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Measures your business can take to stop ransomware

Jul 27, 20174 mins

Learn simple measures your business could implement to prevent the increasing threat of ransomware attacks.

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By now, we would be amazed if you haven’t heard about WannaCry, the May 12th ransomware attack that affected organizations across the world with devastating results. This, along with some other high-profile ransomware attacks around the same time, has made the business community stand up and take notice of the ransomware threat. Now, we are seeing lots of business owners asking us what measures they could take to protect their business against attack from similar viruses. So naturally, we have created a short guide showcasing some simple measures your business could take to prevent ransomware attacks.

Install anti-virus, web filtering and firewalls

Preventing any form of malware, including ransomware from entering your business in the first place is undoubtedly the best way to guard against attack. The best way to do this is to adopt what is called a “layered” approach to security – in other words, lots of layers of protection. We recommend implementing anti-virus software on every machine and all servers, putting web filters in place company-wide and installing firewalls. It’s essential that you ensure each component of this layered approach is accurately configured and kept up to date in order to work effectively.

Keep your IT up-to-date and apply all patches

Some of the most high profile data breaches this year have been cause by the smallest things – like someone forgetting to install a security patch. The cyber criminals who develop ransomware and other forms of malware spend a lot of time probing and searching for weaknesses within certain commonly used programs, finding out what holes they can exploit to gain access to your data. The companies who produce the genuine software are also constantly working to fill these holes, and they fix them before they can be attacked by issuing security patches. Without these patches and other IT updates, your systems will be vulnerable to attack, no matter how much protection you have in place.

Train your employees

When it comes to malware, a lot of infections happen due to human error or employees opening very convincing looking scam emails. Business should therefore be thinking about education and ongoing training for all employees, regardless of level or contact with technology. Doors for ransomware can be opened through email attachments, nefarious links, infected websites, social media or even email attachments from legitimate contacts whose business has been infected. Your anti-virus, web filtering and firewalls should be able to filter a lot of this out, but it is essential to keep reminding employees of potential ransomware threats and what they can do to prevent it.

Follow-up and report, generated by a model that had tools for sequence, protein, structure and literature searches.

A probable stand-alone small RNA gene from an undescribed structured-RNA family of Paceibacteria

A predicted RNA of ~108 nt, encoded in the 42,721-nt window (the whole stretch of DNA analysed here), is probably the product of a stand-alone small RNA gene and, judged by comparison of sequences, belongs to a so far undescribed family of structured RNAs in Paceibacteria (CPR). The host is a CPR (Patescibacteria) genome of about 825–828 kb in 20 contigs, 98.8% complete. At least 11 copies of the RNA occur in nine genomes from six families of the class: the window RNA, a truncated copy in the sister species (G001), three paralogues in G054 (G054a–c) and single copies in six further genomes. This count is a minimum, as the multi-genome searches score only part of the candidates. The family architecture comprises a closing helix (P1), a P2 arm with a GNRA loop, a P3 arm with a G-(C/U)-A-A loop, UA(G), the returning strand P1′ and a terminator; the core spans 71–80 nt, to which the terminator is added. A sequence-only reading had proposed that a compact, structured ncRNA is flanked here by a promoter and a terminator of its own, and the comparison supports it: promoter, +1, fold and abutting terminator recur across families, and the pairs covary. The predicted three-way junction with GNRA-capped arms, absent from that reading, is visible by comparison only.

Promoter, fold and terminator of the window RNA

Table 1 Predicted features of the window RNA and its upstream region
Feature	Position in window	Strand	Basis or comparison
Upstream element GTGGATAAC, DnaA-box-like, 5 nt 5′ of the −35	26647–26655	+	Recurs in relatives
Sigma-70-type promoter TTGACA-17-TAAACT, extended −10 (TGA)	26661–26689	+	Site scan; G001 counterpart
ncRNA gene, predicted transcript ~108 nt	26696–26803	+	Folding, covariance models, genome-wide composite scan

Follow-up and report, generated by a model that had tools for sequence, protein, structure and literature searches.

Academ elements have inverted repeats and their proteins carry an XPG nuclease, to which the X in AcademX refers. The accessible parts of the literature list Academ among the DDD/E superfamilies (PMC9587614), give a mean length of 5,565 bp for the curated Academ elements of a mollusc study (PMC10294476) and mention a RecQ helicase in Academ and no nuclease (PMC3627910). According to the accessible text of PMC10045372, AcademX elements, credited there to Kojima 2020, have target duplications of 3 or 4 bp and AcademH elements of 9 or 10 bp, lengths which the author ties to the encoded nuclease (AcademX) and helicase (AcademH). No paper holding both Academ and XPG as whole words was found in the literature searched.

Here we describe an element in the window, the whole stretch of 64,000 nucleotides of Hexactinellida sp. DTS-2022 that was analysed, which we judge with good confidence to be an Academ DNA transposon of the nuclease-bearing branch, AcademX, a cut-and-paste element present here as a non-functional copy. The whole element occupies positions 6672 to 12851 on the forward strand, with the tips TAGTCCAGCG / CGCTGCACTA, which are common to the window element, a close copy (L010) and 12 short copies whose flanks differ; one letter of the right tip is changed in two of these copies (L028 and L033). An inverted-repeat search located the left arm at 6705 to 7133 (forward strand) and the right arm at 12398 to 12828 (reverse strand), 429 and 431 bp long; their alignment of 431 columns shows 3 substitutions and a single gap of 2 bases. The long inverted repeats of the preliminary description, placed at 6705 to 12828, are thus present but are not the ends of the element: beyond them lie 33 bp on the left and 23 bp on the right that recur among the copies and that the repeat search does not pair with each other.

Back up regularly

Of course, something completely out of your control could happen, and it’s at that time that you need your final layer of protection – your back up. As a business you should be doing regular backups of your full systems – and by regular we mean at least once a day, usually overnight. Not only is this just good practice, but it also protects you against data loss if the rest of your precautions should fail. Users who find themselves the target of a ransomware attack will be unable to access any live data, but if their back up data is stored off site and siloed (as it should be), it should be untouched. So if we take the worst-case scenario and a ransomware attack hits at 4:30 in the afternoon, the business will only lose data generated that day, as opposed to everything. This means that you don’t have to panic – you can focus on getting rid of the ransomware infection and restore your data quickly once the systems are clear, so you’re back up and running.


Anthony Young specializes in the provision of security and risk support services across the UK for Bridewell Consulting.

Anthony commenced his information security career in 2003. He worked as a security consultant primarily within central government and the gaming industry where he reduced threat profiles by establishing security frameworks and management systems. He is a BS7799/ISO27001 Lead Auditor with a number of certifications from CESG.

The opinions expressed in this blog are those of Anthony Young and do not necessarily represent those of IDG Communications, Inc., its parent, subsidiary or affiliated companies.